THE EFFECTS OF EXTENSIVE READING AND READING STRATEGIES ON READING SELF-EFFICACYBeglar, David J.; Sawyer, Mark; Mori, Setsuko; Gobel, Peter B.; Houck, Nöel (Temple University. Libraries, 2012)This study is a quasi-experimental, longitudinal investigation into the role that extensive reading and reading strategies play in the cultivation of reading self-efficacy. Conducted over the course of one academic year, how changes in reading self-efficacy translate into changes in reading comprehension was examined. In addition, the participants' perceptions of the utility of extensive reading and reading strategies, and how those perceptions related to reading self-efficacy were investigated. A final goal was to ascertain how retrospective ratings of reading self-efficacy influence current levels of the construct. The participants (N = 322) were first and second-year, non-English majors at a four-year, co-educational university in Osaka, Japan. The participants were divided into four groups: an intensive reading group (control group), an extensive reading group, a reading strategies group, and an extensive reading/reading strategies group. Data for the study were obtained from six major sources: a reading comprehension test, a reading strategy test, a reading self-efficacy questionnaire, a perceived utility of extensive reading questionnaire, a perceived utility of reading strategies questionnaire, and a sources of reading self-efficacy questionnaire. The questionnaires and tests were administered three times over the course of the academic year. Before conducting the quantitative analyses on the data gathered with the above instruments, the dichotomous test and questionnaire data were analyzed using the Rasch rating-scale model to confirm the validity and reliability of the instruments and to transform the raw scores into equal interval measures. By employing MANOVAs, ANOVAs, Latent Growth Curve Modeling, and Pearson correlation coefficients, the data were then analyzed to ascertain differences between groups and within groups for all tests and constructs measured. The results showed that the participants in the reading strategies and extensive reading/reading strategies groups gained significantly more in reading self-efficacy over the academic year than those in the extensive reading and intensive reading groups. In addition, all three experimental groups outperformed the intensive reading group in reading comprehension. Furthermore, results from the latent growth curve model showed that gains in reading self-efficacy were related positively to gains in reading comprehension. In a similar vein, the results showed that gains in reading strategy skill led to changes in reading self-efficacy, while reading amount was not significantly related to changes in reading self-efficacy. The results also suggested that those who more highly regard extensive reading as useful to improving reading comprehension exhibited higher levels of reading self-efficacy over the course of the study. On the contrary, there was no significant difference in levels of reading self-efficacy between those who highly rated reading strategies as useful and those who did not rate them as highly. Finally, Pearson correlation coefficients showed moderately strong relationships between junior high and high school (retrospective) levels of reading self-efficacy and university (current) levels. These results underscore the importance of self-efficacy in the learning process and how the cultivation of self-efficacy should be a goal of any educator or administrator in an EFL context. The findings also highlight the detrimental effects of teaching methodologies, such as grammar-translation, that deprive learners of the opportunity to develop their own cognitive abilities. With the introduction of reading strategy intervention and/or extensive reading practice, the participants in the experimental groups of this study were able to develop the skills needed to overcome comprehension breakdowns in the reading process, and this help them become more autonomous, empowered readers.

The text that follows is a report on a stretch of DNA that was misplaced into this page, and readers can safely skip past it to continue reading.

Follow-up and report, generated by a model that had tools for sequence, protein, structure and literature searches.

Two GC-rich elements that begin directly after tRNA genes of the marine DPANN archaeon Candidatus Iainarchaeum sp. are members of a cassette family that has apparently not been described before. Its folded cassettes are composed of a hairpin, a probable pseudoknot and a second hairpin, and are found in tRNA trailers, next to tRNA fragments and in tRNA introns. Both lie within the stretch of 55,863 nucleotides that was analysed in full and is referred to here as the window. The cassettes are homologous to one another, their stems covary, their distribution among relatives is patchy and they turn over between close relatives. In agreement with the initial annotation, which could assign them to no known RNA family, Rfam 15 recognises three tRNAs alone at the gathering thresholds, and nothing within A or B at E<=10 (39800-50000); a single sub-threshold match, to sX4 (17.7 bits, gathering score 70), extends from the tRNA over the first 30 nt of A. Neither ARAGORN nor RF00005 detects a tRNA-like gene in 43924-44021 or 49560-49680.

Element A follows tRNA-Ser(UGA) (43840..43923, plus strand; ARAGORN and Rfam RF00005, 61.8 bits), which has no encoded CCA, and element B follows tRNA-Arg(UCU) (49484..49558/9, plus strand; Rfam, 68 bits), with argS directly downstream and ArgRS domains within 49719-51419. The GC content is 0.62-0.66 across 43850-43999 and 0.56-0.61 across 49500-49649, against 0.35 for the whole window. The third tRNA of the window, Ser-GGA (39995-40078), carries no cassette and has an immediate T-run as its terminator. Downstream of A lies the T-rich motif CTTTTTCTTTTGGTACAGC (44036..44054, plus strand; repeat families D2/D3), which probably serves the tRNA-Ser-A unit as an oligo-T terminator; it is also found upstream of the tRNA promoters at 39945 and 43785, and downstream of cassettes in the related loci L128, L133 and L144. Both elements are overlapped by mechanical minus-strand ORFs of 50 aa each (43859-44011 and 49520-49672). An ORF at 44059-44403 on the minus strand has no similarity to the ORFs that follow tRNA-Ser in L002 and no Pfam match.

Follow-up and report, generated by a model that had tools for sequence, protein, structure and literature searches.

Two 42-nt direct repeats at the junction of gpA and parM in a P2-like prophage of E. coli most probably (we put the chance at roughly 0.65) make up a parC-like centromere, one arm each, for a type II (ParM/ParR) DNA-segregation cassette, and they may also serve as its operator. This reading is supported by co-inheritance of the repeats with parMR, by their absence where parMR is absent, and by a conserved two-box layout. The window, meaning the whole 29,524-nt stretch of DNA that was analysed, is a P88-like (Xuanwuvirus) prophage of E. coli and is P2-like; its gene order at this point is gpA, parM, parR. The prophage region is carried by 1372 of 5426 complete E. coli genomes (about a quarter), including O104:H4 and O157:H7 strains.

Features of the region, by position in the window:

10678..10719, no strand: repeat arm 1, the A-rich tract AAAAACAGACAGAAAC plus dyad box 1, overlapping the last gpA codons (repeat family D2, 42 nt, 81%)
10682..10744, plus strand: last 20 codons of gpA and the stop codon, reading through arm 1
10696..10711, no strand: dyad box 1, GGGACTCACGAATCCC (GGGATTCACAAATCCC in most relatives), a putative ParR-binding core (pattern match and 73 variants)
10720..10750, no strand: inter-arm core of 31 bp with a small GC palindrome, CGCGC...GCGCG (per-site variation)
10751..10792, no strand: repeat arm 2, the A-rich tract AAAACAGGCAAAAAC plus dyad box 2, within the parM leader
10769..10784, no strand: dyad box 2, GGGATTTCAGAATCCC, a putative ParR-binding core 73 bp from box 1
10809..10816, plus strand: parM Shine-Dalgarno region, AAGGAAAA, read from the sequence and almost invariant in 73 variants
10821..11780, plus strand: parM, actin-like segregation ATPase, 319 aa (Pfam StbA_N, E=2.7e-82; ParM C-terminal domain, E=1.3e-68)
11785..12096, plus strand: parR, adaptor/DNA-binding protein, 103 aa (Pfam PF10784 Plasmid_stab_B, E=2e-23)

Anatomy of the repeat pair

EFFECTS OF THE QUALITY OF INSTRUCTIONAL OBJECTIVES ON SELF-REGULATION AND COURSE PERFORMANCE OF STUDENTS IN UNDERGRADUATE ONLINE AND NON-ONLINE CLASSESDuCette, Joseph P.; Stahler, Gerald; Fullard, William; Schifter, Catherine; Connell, James (Temple University. Libraries, 2009)Many studies have investigated web-based learning in higher education and the effects it has on academic performance including self-regulation (Janicki & Liegle, 2001; MacDonald, Stodel, Farres, Breithaupt, & Gabriel, 2001; McKeachie, 1999). While many theoretical and operational definitions exist on self-regulation, researchers agree that it includes metacognitive, motivational, and behavioral factors of one's learning process (Zimmerman, 1990). Metacognitive self-regulation refers to an individual who "plans, sets goals, organizes, self-monitors, and self-evaluates at various points during the process of acquisition" (Zimmerman, 1990, pp. 4-5). While some studies have examined the relationship between academic self-regulation and web-based learning in higher education, researchers believe that the relationship requires further investigation (e.g., Hodges, 2005; Whipp & Chiarelli, 2004). One element of the relationship that Hodges identifies as requiring further study is guided self-regulation for students in web-based courses. He states that "research indicates that building self-regulatory scaffolding into web-based course or simply providing instruction on self-regulation can be effective components of a course" (p. 381). Given Hodges' emphasis on self-regulatory guidance, also supported by Pintrich (1999) and Ley and Young (2001), the author believes that well-written instructional course objectives can provide students in web-based courses with self-regulatory guidance. To date, online searches with several key terms related to syllabus(or syllab*), instructional objectives, and self-regulation in any medium (e.g., face-to-face or online course) using PsycARTICLES, PsychINFO, ERIC, and Google Scholar have not yielded any relevant results. While no studies seem to exist in this area, McKeachie (1999) and Ford (2002) discuss the elements of a good syllabus (e.g., course goals) related to the positive effects on academic performance, which include clear instructional objectives. Therefore, the purpose of this study is to examine the relationship between instructional objectives as it affects academic self-regulation and academic performance among undergraduate students enrolled in a web-based class and a non-web-based class.